What If We Advocated For E-Scooter Ownership Instead Of Scooter Share?

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Someday when we are all able to be social again, the subject of scooter share will be a topic for debate, as it has been since its inception just a few years ago. The troubling safety statistics show that users’ lack of familiarity with this new form of urban mobility can lead to increased rates of injury and even death. That, coupled the fact that they have become a tripping hazard on sidewalks and a regular hurdle (literally) for pedestrians, has led to a litany of bad press, and for understandable reasons.

I and many others would counter with two points… one, scooters are new, and just like the early cars, need to be learned, refined and adapted for the urban environment. Secondly, a huge reason for most of the problems faced by scooters can ultimately be traced back to the over-prioritization of cars, leaving little space for new forms of micro-mobility. Too often, pedestrians, bikers, skateboarders and scooter riders are relegated to a small sidewalk, uncomfortably sharing their collective desire to stay safe from automobile carnage. But much of the safety and “sidewalk clutter” issues we see with scooter share programs like Lime and Bird arise from an “I don’t care” attitude that comes from using a device that isn’t yours. If we are truly supportive of scooters as a legitimate micro-mobility solution, we shouldn’t be encouraging scooter share, we should be encouraging scooter OWNERSHIP. For $400-$600 dollars, the average American can dip their feet into the world of owning one of these machines, thus taking responsibility over their own mobility device.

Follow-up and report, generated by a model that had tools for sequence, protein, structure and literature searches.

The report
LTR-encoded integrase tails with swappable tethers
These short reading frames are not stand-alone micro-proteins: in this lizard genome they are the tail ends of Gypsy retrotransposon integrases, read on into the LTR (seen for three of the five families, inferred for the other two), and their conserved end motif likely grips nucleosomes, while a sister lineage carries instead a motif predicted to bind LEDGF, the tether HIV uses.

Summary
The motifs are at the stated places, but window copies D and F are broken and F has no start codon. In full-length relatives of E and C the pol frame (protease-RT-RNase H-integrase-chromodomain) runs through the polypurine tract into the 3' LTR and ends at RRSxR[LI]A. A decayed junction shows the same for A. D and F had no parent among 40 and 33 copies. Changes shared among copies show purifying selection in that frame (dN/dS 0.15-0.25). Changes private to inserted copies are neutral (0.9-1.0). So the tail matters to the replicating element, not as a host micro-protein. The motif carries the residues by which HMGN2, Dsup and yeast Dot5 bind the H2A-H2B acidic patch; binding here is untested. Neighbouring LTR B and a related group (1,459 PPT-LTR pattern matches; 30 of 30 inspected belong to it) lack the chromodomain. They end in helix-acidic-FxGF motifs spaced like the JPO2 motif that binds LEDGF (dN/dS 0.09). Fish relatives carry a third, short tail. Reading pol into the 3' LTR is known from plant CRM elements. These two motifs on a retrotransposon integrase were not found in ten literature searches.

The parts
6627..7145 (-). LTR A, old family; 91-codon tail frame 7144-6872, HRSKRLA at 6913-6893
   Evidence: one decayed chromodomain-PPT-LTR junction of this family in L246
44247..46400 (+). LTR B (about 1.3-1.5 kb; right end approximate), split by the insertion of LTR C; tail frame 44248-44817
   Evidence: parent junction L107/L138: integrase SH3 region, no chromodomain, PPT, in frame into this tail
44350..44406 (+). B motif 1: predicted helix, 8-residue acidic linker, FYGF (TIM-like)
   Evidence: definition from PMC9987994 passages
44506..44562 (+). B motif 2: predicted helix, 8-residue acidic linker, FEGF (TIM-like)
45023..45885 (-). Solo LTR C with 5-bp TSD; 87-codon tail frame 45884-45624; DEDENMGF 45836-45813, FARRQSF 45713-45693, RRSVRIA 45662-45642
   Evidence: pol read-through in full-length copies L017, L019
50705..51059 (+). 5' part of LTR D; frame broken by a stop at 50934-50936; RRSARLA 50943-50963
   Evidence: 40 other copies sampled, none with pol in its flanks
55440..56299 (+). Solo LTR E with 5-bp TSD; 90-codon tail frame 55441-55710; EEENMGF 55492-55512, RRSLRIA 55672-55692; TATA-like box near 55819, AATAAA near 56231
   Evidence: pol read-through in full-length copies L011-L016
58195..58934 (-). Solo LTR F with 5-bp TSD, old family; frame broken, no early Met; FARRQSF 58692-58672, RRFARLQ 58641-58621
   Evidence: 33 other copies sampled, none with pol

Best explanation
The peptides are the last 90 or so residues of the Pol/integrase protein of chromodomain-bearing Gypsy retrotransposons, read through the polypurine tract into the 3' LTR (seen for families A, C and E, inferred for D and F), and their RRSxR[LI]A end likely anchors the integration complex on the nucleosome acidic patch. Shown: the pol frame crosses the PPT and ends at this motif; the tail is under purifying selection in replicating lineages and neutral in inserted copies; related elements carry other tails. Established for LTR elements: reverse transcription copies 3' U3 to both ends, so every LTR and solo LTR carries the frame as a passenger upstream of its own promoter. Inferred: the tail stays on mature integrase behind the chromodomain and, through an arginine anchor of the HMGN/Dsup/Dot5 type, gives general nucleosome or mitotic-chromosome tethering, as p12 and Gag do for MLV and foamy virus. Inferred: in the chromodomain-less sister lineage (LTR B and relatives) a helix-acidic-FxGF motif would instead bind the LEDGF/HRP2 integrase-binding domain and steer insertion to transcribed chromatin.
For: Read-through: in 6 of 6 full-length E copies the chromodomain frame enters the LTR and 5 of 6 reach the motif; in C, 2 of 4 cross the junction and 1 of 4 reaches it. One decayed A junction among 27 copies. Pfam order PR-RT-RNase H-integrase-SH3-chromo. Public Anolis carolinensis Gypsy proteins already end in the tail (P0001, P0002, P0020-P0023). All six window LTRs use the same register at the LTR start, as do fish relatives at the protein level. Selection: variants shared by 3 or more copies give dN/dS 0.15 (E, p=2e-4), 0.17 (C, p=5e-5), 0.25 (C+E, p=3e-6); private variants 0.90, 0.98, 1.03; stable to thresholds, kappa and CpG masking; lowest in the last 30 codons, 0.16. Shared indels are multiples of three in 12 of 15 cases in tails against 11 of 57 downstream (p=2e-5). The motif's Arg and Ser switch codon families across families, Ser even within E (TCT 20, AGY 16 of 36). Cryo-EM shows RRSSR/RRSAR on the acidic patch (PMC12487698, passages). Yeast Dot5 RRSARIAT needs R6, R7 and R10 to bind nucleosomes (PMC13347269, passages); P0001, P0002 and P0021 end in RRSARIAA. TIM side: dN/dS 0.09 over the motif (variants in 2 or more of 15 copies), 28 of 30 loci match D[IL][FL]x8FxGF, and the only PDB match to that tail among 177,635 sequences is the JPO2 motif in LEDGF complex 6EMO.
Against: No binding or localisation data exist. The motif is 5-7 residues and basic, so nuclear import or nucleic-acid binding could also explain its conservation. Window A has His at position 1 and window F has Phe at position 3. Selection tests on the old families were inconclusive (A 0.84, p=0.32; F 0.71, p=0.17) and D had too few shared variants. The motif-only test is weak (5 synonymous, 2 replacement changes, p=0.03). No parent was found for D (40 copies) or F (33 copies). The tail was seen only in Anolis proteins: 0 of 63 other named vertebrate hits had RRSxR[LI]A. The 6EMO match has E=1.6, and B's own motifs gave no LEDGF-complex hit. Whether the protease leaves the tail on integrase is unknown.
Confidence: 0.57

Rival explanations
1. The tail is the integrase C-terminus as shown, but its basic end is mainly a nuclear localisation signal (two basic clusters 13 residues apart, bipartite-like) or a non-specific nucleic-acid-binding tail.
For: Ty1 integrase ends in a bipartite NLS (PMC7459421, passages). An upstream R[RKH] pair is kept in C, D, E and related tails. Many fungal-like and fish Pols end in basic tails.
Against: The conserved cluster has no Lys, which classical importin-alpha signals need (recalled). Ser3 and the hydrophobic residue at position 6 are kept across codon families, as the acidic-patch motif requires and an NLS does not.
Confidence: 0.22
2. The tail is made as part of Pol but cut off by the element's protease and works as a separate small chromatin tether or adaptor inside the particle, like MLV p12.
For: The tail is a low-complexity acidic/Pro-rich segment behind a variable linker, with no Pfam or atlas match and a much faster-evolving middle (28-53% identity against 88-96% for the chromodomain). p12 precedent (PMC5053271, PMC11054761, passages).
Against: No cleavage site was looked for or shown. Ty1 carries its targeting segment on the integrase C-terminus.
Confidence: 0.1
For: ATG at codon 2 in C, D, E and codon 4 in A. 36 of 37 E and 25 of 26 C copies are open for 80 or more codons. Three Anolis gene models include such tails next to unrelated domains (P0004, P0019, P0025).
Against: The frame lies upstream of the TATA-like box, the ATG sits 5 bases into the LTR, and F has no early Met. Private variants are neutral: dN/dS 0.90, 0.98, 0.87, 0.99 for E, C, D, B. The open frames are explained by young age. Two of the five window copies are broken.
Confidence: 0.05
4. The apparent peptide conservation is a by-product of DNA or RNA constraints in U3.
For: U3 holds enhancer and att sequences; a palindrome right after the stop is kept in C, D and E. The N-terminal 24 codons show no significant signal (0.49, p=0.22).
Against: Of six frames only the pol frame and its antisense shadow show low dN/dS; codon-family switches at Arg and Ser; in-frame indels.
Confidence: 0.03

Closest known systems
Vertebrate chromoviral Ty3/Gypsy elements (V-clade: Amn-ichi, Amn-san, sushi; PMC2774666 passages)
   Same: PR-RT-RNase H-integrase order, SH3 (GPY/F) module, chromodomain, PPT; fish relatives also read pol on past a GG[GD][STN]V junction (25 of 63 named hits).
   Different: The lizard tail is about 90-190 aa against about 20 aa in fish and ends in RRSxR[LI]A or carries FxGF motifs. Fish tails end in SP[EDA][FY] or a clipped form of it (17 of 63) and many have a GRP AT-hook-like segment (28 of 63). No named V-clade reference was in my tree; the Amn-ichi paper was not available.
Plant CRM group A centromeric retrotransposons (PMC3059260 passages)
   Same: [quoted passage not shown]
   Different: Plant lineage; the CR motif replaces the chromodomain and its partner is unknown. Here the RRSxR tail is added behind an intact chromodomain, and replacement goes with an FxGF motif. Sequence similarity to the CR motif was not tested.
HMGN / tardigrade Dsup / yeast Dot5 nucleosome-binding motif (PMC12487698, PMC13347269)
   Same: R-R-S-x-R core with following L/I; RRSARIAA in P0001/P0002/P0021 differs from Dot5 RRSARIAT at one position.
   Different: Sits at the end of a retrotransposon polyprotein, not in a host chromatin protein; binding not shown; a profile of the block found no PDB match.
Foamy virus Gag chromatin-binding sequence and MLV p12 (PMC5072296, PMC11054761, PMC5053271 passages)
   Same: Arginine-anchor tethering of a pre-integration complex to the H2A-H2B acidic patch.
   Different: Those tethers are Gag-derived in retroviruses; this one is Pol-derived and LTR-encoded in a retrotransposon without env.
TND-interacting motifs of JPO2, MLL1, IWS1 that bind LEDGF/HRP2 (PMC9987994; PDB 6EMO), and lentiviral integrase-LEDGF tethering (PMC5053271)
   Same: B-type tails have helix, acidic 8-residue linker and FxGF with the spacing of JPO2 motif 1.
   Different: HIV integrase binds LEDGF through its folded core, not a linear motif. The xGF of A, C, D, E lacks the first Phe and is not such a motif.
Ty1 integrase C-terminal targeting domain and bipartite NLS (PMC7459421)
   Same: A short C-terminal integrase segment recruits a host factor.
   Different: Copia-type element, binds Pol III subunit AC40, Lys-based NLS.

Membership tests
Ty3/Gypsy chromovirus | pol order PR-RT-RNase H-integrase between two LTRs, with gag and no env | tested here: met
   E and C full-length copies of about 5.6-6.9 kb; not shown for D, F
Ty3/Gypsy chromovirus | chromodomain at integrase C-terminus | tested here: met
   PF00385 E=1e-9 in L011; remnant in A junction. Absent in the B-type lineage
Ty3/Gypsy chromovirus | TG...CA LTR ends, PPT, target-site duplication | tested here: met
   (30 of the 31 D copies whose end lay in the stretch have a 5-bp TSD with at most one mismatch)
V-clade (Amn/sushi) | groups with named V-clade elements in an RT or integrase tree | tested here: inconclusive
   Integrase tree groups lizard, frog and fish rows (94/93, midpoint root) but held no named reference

I personally own a UScooter Eco, giving me a top speed of 17 mph and a range of approximately 10 miles… plenty of power and just enough range to connect me to urban destinations. While not technically legal in my state yet (legislation is coming!), this powerful and portable form of micro-mobility allows me the convenience of sweat-free travel with ultimate portability. But most importantly, owning my scooter gives me the control of being able to practice and learn the nuances of my specific scooter instead of just unlocking one that I’ve never ridden before within an app. Familiarity with performance is a huge factor when we talk about the safety of the mobility modes we choose.

As since I own my scooter, I am probably not going to drop it in the middle of the sidewalk. In most cases, I can fold it up and take it with me when I reach my destination. I can take it on the bus and on the train when I travel across the state. Because I own my scooter instead of rent, I take extra steps to make sure it’s secured and not just randomly flung on a pedestrian right of way.

Bikes have been popular for more than a century, and for all but the last decade, the only option was to purchase one. While bike share is a great option, the fact that most households own at least one bicycle legitimizes bikes as an American staple, albeit usually a recreational one.

E-scooters, on the other hand, were popularized when companies like Lime and Bird began dropping thousands of them into city centers overnight. The first public connection with these machines was one of disorder and chaos. And because these machines were rented instead of purchased, the lack of responsibility and accountability just wasn’t there. Couple that with the collective familiarity with scooters as a children’s toy, and you have a vehicle with a serious image problem steeped in “thats cute” illegitimacy.

Dozens of startup e-scooter companies, charging between $300-$1,600 for the purchase of a machine of your own, litter the market waiting for the time when micro-mobility becomes a national movement. But the climb is a steep one, against decades of laughable perception blended with a few years of bad press and questionable management.

E-scooters are perhaps the most revolutionary form of modern mobility since the automobile. But their path to legitimacy must begin to prioritize ownership rather than shared programs. This will occur as local laws continue to change with the demand, and when they do, scooters will have a real chance to become the next transpiration staple in every American home.

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